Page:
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Sobre un monitor de alta calidad para el procesado de fotos

New Here ,
Dec 01, 2020 Dec 01, 2020

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Recurrentemente se ha hablado en el foro de cual monitor era más recomendable para el procesado de las fotos, pero ahora ya hace un tiempo de la última vez que se habló sobre ello. Animo a los que más se conozcan este tema que nos digan que monitor es el más recomendable a día de hoy.

Cuando realmente tomo una decisión, quiero saber cuál es la diferencia entre sRGB, Adobe RGB y DCI-P3 en el monitor?

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Community Expert ,
Dec 02, 2020 Dec 02, 2020

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Community Expert ,
Dec 02, 2020 Dec 02, 2020

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Can I clarify if you are intending using this for Photos (e.g. Photoshop) or video as the requirements are slightly different.

 

My main use is still images using Photoshop and 3D software and in a monitor I look for the following:

1. Uniformity across the panel - this is usually ignored in manufacturers specs but is very important when adjusting images.

2. A sweetspot of around 100-130ppi. When adjusting images you want to see the effect of noise and not have it hidden in too high a resolution on too small a panel.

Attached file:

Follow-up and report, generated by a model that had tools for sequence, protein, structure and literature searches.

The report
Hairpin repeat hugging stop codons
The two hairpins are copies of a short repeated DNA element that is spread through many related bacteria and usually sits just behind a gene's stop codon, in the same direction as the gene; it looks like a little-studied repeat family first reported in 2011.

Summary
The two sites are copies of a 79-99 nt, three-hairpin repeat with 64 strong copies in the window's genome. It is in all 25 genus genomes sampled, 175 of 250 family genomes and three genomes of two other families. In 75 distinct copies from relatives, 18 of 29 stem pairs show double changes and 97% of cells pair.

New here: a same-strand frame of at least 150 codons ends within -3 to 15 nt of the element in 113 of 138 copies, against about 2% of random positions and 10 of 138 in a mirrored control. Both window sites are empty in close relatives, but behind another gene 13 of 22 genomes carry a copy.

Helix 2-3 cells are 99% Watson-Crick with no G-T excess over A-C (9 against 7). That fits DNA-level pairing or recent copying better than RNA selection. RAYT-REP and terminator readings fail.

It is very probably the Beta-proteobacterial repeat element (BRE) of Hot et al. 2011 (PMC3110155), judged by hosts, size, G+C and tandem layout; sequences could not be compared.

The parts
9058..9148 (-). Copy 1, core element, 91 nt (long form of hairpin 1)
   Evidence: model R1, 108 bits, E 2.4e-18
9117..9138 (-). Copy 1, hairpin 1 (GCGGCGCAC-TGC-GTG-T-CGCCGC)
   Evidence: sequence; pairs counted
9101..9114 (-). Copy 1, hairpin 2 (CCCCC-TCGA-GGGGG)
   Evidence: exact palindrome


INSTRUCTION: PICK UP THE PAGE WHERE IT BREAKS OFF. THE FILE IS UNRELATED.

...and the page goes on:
3. Internal LUTs for calibration - using LUTs in the monitor rather than the video card means that you are not using precious bit depth between the GPU card and the monitor to correct the monitor calibration.

4. 10 bits per channel - particularly when looking at smooth gradients such as skies.

I recently replaced my monitors with two Eizo CS2731s which I highly recommend.

The uniformity across the panel is excellent.

They have 2560 x 1440 pixel size, which sounds low in the current trend to 4K monitors, but at 27 inches a 4K monitor would not allow me to see that image noise that I need when ajusting at 100%.
The work at 10 bits /channel and have internal LUTs for calibration.
They come with Eizo's own colour navigator software for calibration and profiling, which works well with an i1Display Pro. The more expensive CG panels also have built in sensors for calibration and profiling.

 

For Photoshop use, I calibrate and profile the monitors to their own native colours but with 2.2 gamma and my preferred 100cdm2. That produces a profile that is used by Photoshop and other colour managed software that maximises the use of the panel's ability to display colours. That way I am not restricting the monitor to a standard colour space.

 

However, for use when using software that expects a "standard" monitor (e.g. some 3D packages that I use) I also calibrate the monitors to Rec709, sRGB and ARGB. In fact the monitors each have 10 calibration slots so custom calibrations are no problem (e.g to match specific print papers) and the colour navigator software allows easy switching between monitor settings and automatically loads the appropriate monitor profile into the operating system when switching.

 

I am sure Neil will advise if your primary use will be video.

 

Dave